Home > Biblical Theology, Eschatology, Hermeneutics > Biblical Theology and Eschatology

Biblical Theology and Eschatology

With all the controversy swirling around the web about MacArthur’s comments I would like follow up with some comments of my own.  Almost everyone in Evangelicalism grows up believing dispensational premillennialism.  I recall in my early years as a Christian arguing vigorously for the position.  I even would grieve and pray for those who did not hold my position.  I was so arrogant.  However, it was not until some faithful teachers began to challenge my presuppositions that I began to see things differently.  I began searching the Scriptures and along with reading some good books on Biblical Theology I began to see how the Bible fit together, which inevitably changed my views on eschatology.  One of the biggest lessons I learned (and continue to learn) is that eschatology involves much more than simply studying the “end times.”  For us to properly understand eschatology we must have a firm grasp on biblical theology.  The moment God created the world it had an intended “end.”  This end is not the end of time per se, but the person and work of Jesus Christ.  Paul speaks to this idea when we writes in Ephesians 1:9-10:

He made known to us the mystery of His will, according to His kind intention which He purposed in Him with a view to an administration suitable to the fullness of the times, that is, the summing up of all things in Christ, things in the heavens and things on the earth.

Therefore, Scripture is both eschatological and christological (biblical theology).  Human history is advancing toward a decreed end (eschatology), which is the summing up of all things in Christ (christology).  That end has begun with the first coming of Christ and will be fully consummated at his second coming.  Thus, for the biblical writers the “last days” have dawned and the blessings of God have been poured out on his people (Acts 2:17; 1 Cor 10:11; Heb 1:2; cf., 2 Tim 3:1; 2 Pet 3:3).  If Scripture reveals that this is the way we should view eschatology, then we must certainly view the book of Revelation in the same manner.  At our church I am teaching through Revelation and one of the things I have stressed concerning the book of Revelation is that although it is the “last” book of the Bible, in many respects it is also the first, for in it we find the re-telling of God’s eternal decree carried out through Jesus Christ from the present heavens and earth to the new heavens and earth.  The book of Revelation is an appropriate climax to the rest of Scripture, because it draws from both the Old and New Testament as one looks to Christ and one looks back on Christ (biblical theology).  The book is given to the bride of Christ that lives in this present wilderness experience. The message is to one of purity and perseverance.  Thus, whether we are talking about eschatology in general or the book of Revelation, both pertain to much more than simply “end time” events.  Both pertain to us here and now.  Will we hear the voice of Jesus or will we continue to sensationalize and misunderstand eschatology?  My prayer is that we do the former.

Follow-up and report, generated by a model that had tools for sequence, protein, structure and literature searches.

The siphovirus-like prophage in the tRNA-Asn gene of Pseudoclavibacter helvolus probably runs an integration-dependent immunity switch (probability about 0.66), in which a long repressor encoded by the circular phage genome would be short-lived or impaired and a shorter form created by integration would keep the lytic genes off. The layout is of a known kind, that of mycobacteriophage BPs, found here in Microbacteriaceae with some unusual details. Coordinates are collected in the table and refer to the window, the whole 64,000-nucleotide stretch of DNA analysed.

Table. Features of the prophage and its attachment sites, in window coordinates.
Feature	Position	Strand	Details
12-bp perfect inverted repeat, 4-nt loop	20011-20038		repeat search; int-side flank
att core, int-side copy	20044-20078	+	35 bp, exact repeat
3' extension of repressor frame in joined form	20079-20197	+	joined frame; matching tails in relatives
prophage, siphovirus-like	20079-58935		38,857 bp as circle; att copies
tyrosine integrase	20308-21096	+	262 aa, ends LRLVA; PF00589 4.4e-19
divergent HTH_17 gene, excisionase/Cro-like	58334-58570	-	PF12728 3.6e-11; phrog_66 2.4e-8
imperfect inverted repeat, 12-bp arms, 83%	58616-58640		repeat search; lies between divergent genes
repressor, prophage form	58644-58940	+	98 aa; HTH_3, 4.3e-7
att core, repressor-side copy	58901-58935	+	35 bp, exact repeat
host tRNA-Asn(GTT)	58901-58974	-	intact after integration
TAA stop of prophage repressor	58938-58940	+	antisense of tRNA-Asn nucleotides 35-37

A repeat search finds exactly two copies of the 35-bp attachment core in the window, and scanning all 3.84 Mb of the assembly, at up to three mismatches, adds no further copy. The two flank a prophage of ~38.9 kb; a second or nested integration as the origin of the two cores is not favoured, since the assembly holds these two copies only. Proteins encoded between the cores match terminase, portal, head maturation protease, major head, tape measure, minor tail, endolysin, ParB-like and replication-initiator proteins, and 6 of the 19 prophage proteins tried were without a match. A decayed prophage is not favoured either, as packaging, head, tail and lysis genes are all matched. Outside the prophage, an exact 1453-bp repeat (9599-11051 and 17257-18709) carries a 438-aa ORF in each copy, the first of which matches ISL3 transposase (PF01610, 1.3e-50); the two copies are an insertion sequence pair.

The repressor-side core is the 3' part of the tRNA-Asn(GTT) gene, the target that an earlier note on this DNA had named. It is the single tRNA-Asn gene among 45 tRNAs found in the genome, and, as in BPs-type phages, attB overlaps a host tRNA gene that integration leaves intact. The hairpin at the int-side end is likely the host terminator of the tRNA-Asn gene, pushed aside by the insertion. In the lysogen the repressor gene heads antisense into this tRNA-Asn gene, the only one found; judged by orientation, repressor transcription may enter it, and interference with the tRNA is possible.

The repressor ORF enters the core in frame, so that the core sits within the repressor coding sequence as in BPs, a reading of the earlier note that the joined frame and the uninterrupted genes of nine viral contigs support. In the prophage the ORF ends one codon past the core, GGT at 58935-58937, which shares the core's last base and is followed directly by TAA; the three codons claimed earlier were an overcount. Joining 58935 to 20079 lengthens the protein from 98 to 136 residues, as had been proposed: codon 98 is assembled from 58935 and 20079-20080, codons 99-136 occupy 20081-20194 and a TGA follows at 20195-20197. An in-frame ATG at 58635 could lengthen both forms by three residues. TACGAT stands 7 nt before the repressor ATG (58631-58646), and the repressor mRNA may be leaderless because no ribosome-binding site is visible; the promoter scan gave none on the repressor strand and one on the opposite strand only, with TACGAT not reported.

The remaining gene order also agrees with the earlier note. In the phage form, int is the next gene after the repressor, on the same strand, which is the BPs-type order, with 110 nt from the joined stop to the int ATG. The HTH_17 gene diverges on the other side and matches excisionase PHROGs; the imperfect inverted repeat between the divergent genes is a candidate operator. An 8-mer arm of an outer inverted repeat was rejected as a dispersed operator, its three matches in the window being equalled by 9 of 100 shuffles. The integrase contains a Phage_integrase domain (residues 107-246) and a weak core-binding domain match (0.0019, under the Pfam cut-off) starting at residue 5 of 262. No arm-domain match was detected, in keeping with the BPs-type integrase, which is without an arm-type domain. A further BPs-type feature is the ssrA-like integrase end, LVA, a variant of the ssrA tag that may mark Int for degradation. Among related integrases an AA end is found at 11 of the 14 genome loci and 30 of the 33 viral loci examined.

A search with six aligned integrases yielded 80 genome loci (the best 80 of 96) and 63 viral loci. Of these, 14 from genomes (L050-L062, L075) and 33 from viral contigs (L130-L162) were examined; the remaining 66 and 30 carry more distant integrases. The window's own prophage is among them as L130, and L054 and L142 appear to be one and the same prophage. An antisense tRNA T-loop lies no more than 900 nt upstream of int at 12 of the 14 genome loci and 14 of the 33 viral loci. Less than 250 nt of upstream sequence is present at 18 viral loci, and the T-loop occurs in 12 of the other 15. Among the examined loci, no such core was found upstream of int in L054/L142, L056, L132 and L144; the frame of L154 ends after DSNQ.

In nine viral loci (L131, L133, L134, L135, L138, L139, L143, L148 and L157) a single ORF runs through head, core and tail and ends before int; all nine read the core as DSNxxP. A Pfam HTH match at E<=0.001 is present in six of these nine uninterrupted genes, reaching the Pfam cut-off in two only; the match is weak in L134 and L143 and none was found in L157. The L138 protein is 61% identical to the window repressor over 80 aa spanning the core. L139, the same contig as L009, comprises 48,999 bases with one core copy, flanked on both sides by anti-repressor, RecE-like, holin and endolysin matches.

1. Kevin Pannebaker
    April 4, 2007 at 3:20 am

    Hi Chad!

    I’m obviously out of the evangelical “loop.” 🙂

    Exactly what comments did MacArthur make that are causing such controversy around the web?


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